For all you Catholic readers out there...
I wrote a post last May titled Revelation, in which I related my experience in listening to a tape by Fr. Larry Richards, wherein he exhorted Catholics to remember that we aren't supposed to be going to church on Sundays to get something: we're supposed to be going to church on Sundays to give. It was a relief to hear this because one of my pet peeves with American Christianity is hearing people whine about how they don't "feel fed" by whatever church they're attending, whether Catholic or Protestant, as if any one church with any one pastor could ever be expected to shoulder the burden of nursing a bunch of people who are old enough to be feeding themselves.
In that post, I listed a number of ways that Christians can find the spiritual food they're hungering for, although in the bounteous ways of our merciful and practical God, who is always generous with His gifts and sometimes sneaky about the way He delivers them: even when we're there at church to give back to Him with our worship and praise, He gives us quite a feast with the liturgy of the Word and the Eucharist.
One of the ways I listed for spiritual food that we can consume for the good of our souls outside of Mass was through Magnificat, a monthly magazine that lists the daily Mass readings plus morning and evening prayer. But I just found out that there's so much more than that to this lovely little missal, the current issue of which is pictured above.
On Saturday evening's vigil Mass, Father told the congregation that some member of the parish had found himself with fifty copies of the July 2010 issue of Magnificat and that he'd brought them to the church for whoever wanted to pick one up. Meelyn picked up a copy for me and as I've used it over the past few days, I've come to realize how really nice Magnificat is.
First of all, it's more than just a missal -- a booklet that lists the daily/weekly Mass readings. The daily readings are there, along with the morning and evening prayer I mentioned before, but there's also a handy liturgical calendar on the first page that lets you know where we are in the liturgical year -- today, for instance, is the beginning of the fourteenth week in Ordinary time. There's also Night prayer, which comes in very handy for the insomniacs among us. You can also read about the Saint of the Day and reflect upon the Meditation of the Day (which goes along with the interconnected topic of the daily readings). There is some beautiful religious art in each issue, which brings me to my last point, which is that Magnificat is simply lovely to look at. Printed on high quality paper with a readable font, it's simply nice to have.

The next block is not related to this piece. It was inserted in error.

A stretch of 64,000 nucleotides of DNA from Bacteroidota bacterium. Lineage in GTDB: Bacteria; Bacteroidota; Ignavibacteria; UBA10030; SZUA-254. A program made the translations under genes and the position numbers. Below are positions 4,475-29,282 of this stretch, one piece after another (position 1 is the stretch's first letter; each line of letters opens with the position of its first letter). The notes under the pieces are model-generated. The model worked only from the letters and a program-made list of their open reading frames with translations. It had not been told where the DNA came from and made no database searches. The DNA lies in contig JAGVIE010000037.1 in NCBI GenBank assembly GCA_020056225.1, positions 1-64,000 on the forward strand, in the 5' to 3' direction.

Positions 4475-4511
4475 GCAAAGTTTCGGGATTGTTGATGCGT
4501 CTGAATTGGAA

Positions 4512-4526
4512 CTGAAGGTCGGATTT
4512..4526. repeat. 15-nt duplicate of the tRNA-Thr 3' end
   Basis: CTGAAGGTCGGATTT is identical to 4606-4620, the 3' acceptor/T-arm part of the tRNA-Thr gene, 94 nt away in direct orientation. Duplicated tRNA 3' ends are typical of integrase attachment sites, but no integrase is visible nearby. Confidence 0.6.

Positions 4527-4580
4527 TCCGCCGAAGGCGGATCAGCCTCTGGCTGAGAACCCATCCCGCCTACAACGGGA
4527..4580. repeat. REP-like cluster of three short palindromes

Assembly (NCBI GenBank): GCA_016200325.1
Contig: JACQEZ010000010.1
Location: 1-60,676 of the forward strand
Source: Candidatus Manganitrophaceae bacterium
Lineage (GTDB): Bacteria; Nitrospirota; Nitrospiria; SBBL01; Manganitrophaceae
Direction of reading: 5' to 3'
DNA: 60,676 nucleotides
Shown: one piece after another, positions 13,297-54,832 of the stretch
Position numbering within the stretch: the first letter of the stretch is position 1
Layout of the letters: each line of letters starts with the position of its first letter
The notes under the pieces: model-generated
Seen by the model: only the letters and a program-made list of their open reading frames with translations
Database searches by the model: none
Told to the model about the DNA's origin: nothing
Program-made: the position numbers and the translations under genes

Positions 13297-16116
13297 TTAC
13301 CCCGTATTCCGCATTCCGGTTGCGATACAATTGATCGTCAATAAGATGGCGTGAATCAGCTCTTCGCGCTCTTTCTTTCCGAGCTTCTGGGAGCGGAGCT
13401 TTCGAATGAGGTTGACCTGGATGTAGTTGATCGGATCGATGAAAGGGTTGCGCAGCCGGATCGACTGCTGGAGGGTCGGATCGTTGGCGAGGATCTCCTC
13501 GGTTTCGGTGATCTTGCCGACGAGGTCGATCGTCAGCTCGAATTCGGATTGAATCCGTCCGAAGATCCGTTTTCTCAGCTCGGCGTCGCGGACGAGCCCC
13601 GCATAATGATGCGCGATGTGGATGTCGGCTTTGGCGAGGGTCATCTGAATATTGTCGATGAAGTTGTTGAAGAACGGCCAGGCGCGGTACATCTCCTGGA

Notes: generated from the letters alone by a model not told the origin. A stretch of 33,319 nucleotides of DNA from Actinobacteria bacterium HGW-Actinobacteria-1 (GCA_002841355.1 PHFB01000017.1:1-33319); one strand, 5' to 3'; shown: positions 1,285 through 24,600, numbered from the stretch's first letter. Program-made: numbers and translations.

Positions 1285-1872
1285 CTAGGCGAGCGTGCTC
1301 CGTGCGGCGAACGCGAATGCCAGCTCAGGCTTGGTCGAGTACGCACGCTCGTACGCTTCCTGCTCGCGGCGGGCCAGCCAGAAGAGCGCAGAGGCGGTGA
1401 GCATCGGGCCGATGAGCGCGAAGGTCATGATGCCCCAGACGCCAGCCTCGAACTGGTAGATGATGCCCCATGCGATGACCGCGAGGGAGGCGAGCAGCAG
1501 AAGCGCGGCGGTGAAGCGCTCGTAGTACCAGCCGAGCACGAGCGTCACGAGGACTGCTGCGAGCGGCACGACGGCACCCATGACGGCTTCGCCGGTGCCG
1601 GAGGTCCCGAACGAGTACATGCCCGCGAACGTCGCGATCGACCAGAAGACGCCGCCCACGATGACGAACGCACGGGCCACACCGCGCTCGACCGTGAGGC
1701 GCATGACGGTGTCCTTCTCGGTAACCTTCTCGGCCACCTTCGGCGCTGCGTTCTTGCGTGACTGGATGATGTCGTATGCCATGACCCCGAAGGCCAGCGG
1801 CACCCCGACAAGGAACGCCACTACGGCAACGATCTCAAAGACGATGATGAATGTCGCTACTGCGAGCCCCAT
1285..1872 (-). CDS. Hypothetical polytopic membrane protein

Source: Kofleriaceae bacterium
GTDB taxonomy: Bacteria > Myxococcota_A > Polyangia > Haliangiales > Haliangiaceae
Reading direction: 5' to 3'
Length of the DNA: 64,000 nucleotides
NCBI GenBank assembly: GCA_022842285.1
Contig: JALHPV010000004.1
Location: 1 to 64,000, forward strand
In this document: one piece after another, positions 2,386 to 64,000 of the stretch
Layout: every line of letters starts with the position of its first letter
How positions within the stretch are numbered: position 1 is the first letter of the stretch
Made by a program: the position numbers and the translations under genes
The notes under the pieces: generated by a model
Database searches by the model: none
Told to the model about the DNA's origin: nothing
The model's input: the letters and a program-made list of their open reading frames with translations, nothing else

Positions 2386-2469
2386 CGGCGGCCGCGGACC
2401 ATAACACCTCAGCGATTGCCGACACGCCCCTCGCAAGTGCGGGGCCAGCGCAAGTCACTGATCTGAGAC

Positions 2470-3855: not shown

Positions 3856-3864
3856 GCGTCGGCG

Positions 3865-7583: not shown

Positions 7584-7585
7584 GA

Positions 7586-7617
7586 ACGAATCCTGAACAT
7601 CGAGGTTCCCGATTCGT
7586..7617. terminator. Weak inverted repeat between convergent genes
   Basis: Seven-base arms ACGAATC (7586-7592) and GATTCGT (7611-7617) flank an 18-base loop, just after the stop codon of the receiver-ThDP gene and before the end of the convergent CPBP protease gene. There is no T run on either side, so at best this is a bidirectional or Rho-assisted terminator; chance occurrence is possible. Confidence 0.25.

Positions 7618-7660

There are four ways to subscribe to Magnificat's hard copy version: You can do a six-month subscription, a one year, a two-year or a four-year. This might be a good time to point out that if you opted for the four-year subscription, you'd be able to read the entire Bible (minus the genealogical tables, which I'm not really sure anyone ever reads anyway, with all that begatting going on unto the tenth and lo, the twentieth generation) and have a head start on going through it all again.
But here are some alternate techie ways to get fed through prayer and the Word: Magnificat can also be launched as an app on your iPhone -- your daily prayers will come right up on your little screen for only $1.99 a month. Or you can subscribe to Magnificat online in either six-month or one year terms of service.
This is what I was talking about when I said in my Revelation post that there's just no excuse for any of us to have this lazy attitude of sitting in our high chairs with our mouths hanging open, waiting for some food to be shoveled in on a little spoon, or worse yet, offered to us in a bottle or a sippy cup. We need to see to our feeding through prayer, through reading our Bibles, through learning about Jesus through our faith by reading the Catechism or about the lives of the saints. There are so many ways available to us that it's just a terrible shame to hear about people leaving the Catholic church -- and incidentally, Jesus in the Eucharist, the cornerstone of our faith and the reason why -- because we think that a rock band playing up in the front of a different church is going to provide us with what we need. Good grief.
Magnificat is a particularly nice way to feed ourselves a good, satisfying helping of the Holy Spirit.
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